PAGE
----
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DJT AYLOR Literature and Leviathan

How, in other words, is the tiny fraction of the Culture Department’s budget set aside for the promotion of literature being spent? Last month I spent several days reading the entries for the annual Northern Rock Writer’s Award, an extraordinary philanthropic scheme – privately funded,

I FONEWANTED a neat little illustration of the present government’s attitude towards literature it could be found in Downing Street’s reaction, some years back, to the news that V S Naipaul had been awarded the Nobel Prize for Literature. Did a telegram wing its way out of Number Ten to convey the Prime Minister’s congratulations? Was Cabinet business momentarily suspended so that our legislators could pay tribute to a man of genius, whose international standing had now been confirmed by the Stockholm curia? Not a bit of it. Downing Street responded to the solicitations of telephoning arts journalists with such diffident bewilderment as to betray immediately the fact that no one in the building knew who the author of A House for Mr Biswaswas. The gap between government and that part of the governed which makes its living from writing has not always been an abyss. Victorian Cabinets came thronged with clever men immersed in the life of the mind. Gladstone was the author of Homeric studies; his Tory opponent the Earl of Derby occupied his leisure time in translating the Iliadinto blank verse. A generation later the Liberal politician John Morley estimated that at least three leading members of the Conservative administration of 1887 could have earned their livings as authors. However debased by falling educational standards, this interest was kept up through the twentieth century. Harold Macmillan was a publisher; Stanley Baldwin almost single-handedly responsible for the revival of public interest in the novels of Mary Webb. Even Mrs Thatcher, written off by every progressive newspaper as a hopeless philistine, knew enough of Larkin’s poetry to be able to quote lines from it to their author when they met and was heard informing a dinner-table audience that most of Western society’s problems had been foreseen by Dostoevsky. Twenty years on from Mrs T’s occasional dinner parties for ‘intellectuals’ (see the amusing accounts in Anthony Powell’s Journals), not the tiniest fragment of this tradition survives. The Prime Minister’s idea of ‘culture’ is hobnobbing with the Gallagher brothers. The Secretary of State for Culture’s pet scheme of the last two years has been the licensing of US-style ‘mega-casinos’. Searching for a solitary Cabinet minister who had performed the not terribly difficult act of writing a book I could only come up with the name of Gordon Brown, who, two decades ago, in another world, produced a rather good biography of the ILP leader James Maxton. The single faint exception to this rule is the Libraries Minister, David Lammy, who, despite a reluctance to use the powers invested in him by legislation, does at least seem to realise that public libraries are not intended to be a subsidised version of HMV. But if the government’s attitude to ‘books’ and their authors veers somewhere between puzzled incomprehension and mild hostility, what about policy on the ground?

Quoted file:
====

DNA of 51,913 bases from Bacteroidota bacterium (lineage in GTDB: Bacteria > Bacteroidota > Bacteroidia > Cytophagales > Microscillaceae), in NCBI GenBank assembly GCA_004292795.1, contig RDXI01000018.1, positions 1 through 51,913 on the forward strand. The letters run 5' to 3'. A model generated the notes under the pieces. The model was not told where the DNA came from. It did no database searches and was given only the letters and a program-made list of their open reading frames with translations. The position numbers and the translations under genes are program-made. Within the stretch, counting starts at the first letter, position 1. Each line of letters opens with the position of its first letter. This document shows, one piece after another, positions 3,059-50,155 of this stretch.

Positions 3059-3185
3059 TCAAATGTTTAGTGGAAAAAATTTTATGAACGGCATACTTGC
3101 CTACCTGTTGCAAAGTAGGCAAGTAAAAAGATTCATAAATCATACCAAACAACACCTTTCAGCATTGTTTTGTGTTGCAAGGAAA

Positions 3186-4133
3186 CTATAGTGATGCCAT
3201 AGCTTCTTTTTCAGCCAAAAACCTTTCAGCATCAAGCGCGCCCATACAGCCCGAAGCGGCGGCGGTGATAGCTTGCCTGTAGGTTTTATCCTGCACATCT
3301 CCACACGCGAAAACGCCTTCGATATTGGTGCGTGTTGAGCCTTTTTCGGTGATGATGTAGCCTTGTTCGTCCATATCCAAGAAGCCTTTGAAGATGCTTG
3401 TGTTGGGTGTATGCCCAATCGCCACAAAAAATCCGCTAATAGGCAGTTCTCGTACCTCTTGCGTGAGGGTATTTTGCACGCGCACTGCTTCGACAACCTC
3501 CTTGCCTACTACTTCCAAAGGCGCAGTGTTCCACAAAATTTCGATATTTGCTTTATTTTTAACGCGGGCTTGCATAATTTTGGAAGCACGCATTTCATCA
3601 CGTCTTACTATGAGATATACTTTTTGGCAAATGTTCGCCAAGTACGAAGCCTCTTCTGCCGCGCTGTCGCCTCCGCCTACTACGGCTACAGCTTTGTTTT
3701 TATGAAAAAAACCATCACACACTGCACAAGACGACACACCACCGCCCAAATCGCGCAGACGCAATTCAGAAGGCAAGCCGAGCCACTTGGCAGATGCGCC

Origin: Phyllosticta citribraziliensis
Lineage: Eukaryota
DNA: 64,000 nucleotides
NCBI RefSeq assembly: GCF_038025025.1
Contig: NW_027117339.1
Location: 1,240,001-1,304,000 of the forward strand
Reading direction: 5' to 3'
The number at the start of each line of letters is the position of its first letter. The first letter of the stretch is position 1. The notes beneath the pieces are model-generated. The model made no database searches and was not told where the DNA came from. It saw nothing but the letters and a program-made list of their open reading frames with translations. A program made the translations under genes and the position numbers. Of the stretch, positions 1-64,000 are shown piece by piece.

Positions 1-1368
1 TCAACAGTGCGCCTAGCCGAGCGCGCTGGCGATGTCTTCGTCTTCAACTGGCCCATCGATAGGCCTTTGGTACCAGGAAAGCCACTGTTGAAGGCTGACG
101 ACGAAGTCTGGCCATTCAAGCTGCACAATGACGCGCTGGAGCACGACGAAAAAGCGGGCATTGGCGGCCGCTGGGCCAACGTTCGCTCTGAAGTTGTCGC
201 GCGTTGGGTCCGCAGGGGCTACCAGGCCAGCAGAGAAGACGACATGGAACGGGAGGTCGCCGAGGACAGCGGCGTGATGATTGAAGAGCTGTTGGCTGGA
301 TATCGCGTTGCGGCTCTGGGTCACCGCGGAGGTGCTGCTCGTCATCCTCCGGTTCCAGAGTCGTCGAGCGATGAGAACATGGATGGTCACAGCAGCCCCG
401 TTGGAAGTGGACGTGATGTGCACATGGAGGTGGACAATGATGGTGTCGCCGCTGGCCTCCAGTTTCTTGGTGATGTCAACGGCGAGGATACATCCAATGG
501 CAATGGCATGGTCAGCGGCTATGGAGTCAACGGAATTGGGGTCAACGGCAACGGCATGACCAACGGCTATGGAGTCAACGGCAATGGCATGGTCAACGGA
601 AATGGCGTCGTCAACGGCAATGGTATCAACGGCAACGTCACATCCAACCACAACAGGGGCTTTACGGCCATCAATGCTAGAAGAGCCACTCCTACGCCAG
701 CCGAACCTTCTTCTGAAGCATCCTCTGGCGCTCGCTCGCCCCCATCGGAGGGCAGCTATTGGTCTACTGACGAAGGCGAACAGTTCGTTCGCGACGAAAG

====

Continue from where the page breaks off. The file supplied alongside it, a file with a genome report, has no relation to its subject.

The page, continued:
of course – which pays its laureate a salary of £20,000 for three years to get on with his or her work. The really curious feature of this exercise, at any rate when it came to the submissions by poets, was the similarity of the supporting statements. ‘Unfortunately publication of this collection has had to be delayed, owing to my publishers losing their grant…’; ‘As funding has recently been cut, I am afraid that…’. This kind of thing, it should instantly be said, is not confined to the North East, and any liberalminded sponsor who attempted to replicate the Northern Rock scheme in other parts of the country would meet with an identical response. Regional arts funding has changed dramatically since the turn of the decade. Long-term support for such vital parts of the local cultural fabric as the modestly attended literary festival and the high-minded small press has mostly gone out of the window, to be replaced by an insistence on glamorous-sounding ‘projects’, often involving the importation of metropolitan talent, which look splendid on the CVs of the people who organise them. Here in Norwich, for example, an organisation called the New Writing Partnership, lavishly supported by East England Arts, together with the local council and the University of East Anglia, stages an annual series of discussions, readings and workshops. No expense is spared: at the inaugural event I bumped into a man from the Sunday Timeswho remarked – words I had never previously heard spoken by an arts journalist – ‘Wow! This is a bit over-funded, isn’t it?’ It was. Meanwhile, forty miles up the road, the King’s Lynn Fiction Festival, a beacon for the literary-minded folk of North-West Norfolk, had just had its grant taken away and was being forced to look for private sponsorship. Naturally, public money spent on literature is not merely there to subsidise events and businesses that would make a loss without it. We had enough of that in the 1970s, with the thousands of pounds squandered on the New Review and the short-lived New Fiction Society, a scheme designed to encourage the reading of new novels which racked up such astronomical costs that critics maintained it would have been cheaper to hand out the books gratis on the pavement outside the Arts Council’s Piccadilly HQ. On the other hand, there are dozens of good literary cases crying out for funding that is currently denied them. While nobody can do anything about the philistines around the Cabinet table, the literature budget is something in which we can all take an interest. If every reader of the Literary Reviewwrote to ask his or her local arts-funding body exactly how their money is laid out, it would be a start.